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COVID-19 vaccine uptake and its determinants among residents of South Gondar Zone, Northwest Ethiopia: a cross-sectional study

COVID-19 vaccine uptake and its determinants among residents of South Gondar Zone, Northwest Ethiopia: a cross-sectional study

Nega Dagnew Baye1,&, Asefa Agegnehu Teshome1, Atalo Agimas Ayenew1, Tadeg Jemere1, Anmut Tilahun Mulu1, Endeshaw Chekol Abebe1, Gebrehiwot Ayalew Tiruneh2, Teklie Mengie Ayele3, Zelalem Tilahun Muche1, Awgichew Behaile T/Mariam1, Biruk Demsie Melese4, Melaku Mekonen Agidew1, Mohammed Abdu Seid1

 

1Department of Biomedical Sciences, College of Health Sciences, Debre Tabor University, Debretabor, Ethiopia, 2Department of Clinical Midwifery, College of Health Sciences, Debre Tabor University, Debre Tabor, Ethiopia, 3Department of Pharmacy, College of Health Sciences, Debre Tabor University, Debre Tabor, Ethiopia, 4Department of Environmental Health, College of Health Sciences, Debre Tabor University, Debre Tabor, Ethiopia

 

 

&Corresponding author
Nega Dagnew Baye, Department of Biomedical Sciences, College of Health Sciences, Debre Tabor University, Debretabor, Ethiopia

 

 

Abstract

Introduction: coronavirus disease (COVID-19) is a deadly viral infection caused by severe acute respiratory syndrome coronavirus 2. Control of COVID-19 through vaccination requires more than just vaccine efficacy and safety. Instead, the vaccine must be widely accepted by the population. The aim of this study was to determine the coverage of COVID-19 vaccine uptake and its determinants among the general population in South Gondar Zone, Northwest Ethiopia.

 

Methods: a community-based cross-sectional study was conducted among 605 randomly selected eligible participants in South Gondar Zone from March 1 to 30, 2022. Descriptive summary statistics were done. Bivariable and multivariable binary logistic regression analyses were done. Variables with p-value of <0.05 were declared statistically significant.

 

Results: of all participants, about 18.7% of them were vaccinated with any of the COVID-19 vaccines at least one dose. Age from 18 to 35 years (AOR=4.9, 95% CI: 1.72-12.84), attended collage and above (AOR= 6.3, 95% CI: 1.37, 28.68), positive attitude towards COVID-19 vaccine (AOR= 8.01, 95% CI: 4.23-15.03), history of COVID-19 (AOR= 3.01, 95% CI; 1.29-6.98), history of contact (AOR = 2.6, 95% CI = 1.33-4.92), ever tested for COVID-19 (AOR = 0.313, 95% CI: 0.130-0.756) were determinant factors for COVID-19 vaccine uptake.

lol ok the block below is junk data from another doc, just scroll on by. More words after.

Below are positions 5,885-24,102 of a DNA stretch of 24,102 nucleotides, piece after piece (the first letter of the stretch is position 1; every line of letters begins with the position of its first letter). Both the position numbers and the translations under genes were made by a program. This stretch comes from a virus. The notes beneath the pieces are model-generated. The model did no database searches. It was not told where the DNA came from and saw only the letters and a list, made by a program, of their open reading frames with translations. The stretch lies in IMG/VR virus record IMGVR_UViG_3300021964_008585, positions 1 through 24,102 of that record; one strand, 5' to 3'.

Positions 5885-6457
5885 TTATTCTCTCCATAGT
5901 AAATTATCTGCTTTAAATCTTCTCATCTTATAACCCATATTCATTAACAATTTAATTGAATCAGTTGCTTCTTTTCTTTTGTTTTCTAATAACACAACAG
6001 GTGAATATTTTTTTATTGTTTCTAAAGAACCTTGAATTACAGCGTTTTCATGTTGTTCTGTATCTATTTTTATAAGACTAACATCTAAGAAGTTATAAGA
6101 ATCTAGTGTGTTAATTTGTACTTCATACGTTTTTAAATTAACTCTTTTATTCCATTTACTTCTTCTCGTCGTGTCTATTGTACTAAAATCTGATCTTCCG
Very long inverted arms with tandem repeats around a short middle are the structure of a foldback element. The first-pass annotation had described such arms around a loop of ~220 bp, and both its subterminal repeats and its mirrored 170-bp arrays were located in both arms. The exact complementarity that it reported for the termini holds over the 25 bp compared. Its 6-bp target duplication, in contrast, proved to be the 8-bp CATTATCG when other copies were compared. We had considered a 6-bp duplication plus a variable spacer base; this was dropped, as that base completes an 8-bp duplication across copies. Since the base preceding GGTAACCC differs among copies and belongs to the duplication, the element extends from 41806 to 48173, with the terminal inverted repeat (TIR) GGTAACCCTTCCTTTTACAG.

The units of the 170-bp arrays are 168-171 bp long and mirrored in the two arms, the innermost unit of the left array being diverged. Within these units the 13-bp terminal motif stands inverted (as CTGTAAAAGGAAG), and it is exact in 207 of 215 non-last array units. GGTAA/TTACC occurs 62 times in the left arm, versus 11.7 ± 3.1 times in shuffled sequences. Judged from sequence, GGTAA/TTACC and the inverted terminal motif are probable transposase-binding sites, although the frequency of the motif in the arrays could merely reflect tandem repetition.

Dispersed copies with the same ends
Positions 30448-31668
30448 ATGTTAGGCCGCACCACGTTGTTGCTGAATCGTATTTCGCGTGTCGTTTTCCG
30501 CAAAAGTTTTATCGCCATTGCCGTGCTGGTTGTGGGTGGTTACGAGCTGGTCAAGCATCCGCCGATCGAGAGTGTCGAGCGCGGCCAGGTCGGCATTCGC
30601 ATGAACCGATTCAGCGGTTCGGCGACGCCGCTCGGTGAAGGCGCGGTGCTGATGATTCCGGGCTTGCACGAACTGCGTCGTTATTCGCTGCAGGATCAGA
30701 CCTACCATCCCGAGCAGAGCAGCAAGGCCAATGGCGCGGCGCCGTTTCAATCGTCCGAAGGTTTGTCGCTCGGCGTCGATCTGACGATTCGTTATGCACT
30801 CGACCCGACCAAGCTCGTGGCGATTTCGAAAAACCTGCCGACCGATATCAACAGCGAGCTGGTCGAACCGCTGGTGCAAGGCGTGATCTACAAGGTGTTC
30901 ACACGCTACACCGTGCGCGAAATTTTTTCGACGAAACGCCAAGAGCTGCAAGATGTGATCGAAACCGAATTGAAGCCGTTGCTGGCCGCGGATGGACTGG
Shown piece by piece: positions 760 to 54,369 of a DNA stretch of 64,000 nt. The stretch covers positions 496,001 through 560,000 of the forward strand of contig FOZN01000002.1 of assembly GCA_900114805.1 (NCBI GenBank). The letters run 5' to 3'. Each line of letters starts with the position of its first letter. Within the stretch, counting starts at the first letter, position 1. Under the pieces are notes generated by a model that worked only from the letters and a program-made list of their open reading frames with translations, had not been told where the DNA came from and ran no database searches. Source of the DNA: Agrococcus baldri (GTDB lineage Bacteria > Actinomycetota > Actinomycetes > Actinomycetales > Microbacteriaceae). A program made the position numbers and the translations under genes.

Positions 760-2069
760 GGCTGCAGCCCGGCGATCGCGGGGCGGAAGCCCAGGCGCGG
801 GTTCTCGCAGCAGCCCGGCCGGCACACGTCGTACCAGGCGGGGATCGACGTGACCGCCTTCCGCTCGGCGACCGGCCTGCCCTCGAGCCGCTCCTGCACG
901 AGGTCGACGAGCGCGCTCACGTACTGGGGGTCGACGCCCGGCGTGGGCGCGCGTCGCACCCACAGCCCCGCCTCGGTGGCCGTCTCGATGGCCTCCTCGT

Conclusion: COVID-19 vaccine uptake among adults aged above 12 years was very low. The main reasons for not being vaccinated were doubts about vaccine efficacy, fear of adverse effects, and lack of vaccine access. Therefore, different stakeholders should provide continued awareness creation on COVID-19 vaccine safety, importance, and efficacy.

 

 

Introduction    Down

Coronavirus disease (COVID-19) is a deadly viral infection caused by severe acute respiratory syndrome coronavirus 2 (SARS-CoV-2). It continues to spread over the world, posing a serious public health concern [1]. COVID-19 has emerged as a major worldwide health threat, causing high rates of morbidity and mortality [2]. As of March 29, 2022, WHO had received reports of 481,756,671 confirmed COVID-19 cases worldwide, with 6,127,981 deaths [3]. Vaccines are life-saving inventions for the elimination and control of a variety of infectious diseases. Vaccination on a large scale creates herd immunity in the community, which is an efficient way to control infectious diseases by inhibiting pandemic disease spread [4,5]. Successful control of COVID-19 through vaccination requires more than just vaccine efficacy and safety. Instead, the vaccine must be widely accepted by the population [6-8]. COVID-19 vaccines can potentially minimize the spread of the virus from an infected individual to others, and vaccination against COVID-19 is one strategy to limit the pandemic's spread [9,10].

Concerns about vaccine safety, fear of contracting COVID-19, attitude, worry of genetic implications, and doubt about the vaccine were among the factors influencing COVID-19 vaccine uptake [11,12]. COVID-19 vaccine uptake can be influenced by a variety of beliefs and misconceptions among various population groups [13]. In low-resource settings, the refusal to take this vaccine is more pronounced [14]. In both developed and developing countries, vaccine hesitancy is becoming a major concern [15-17]. For instance, until March 29, 2022, approximately 66.1% and 59% of the world's population were partially and fully vaccinated for COVID-19, respectively. Vaccine uptake continues to lag in low-income nations, where only 15% of the population has received at least one dose of a vaccine. In Ethiopia, only 19% of the population was fully vaccinated until March 29, 2022 [18].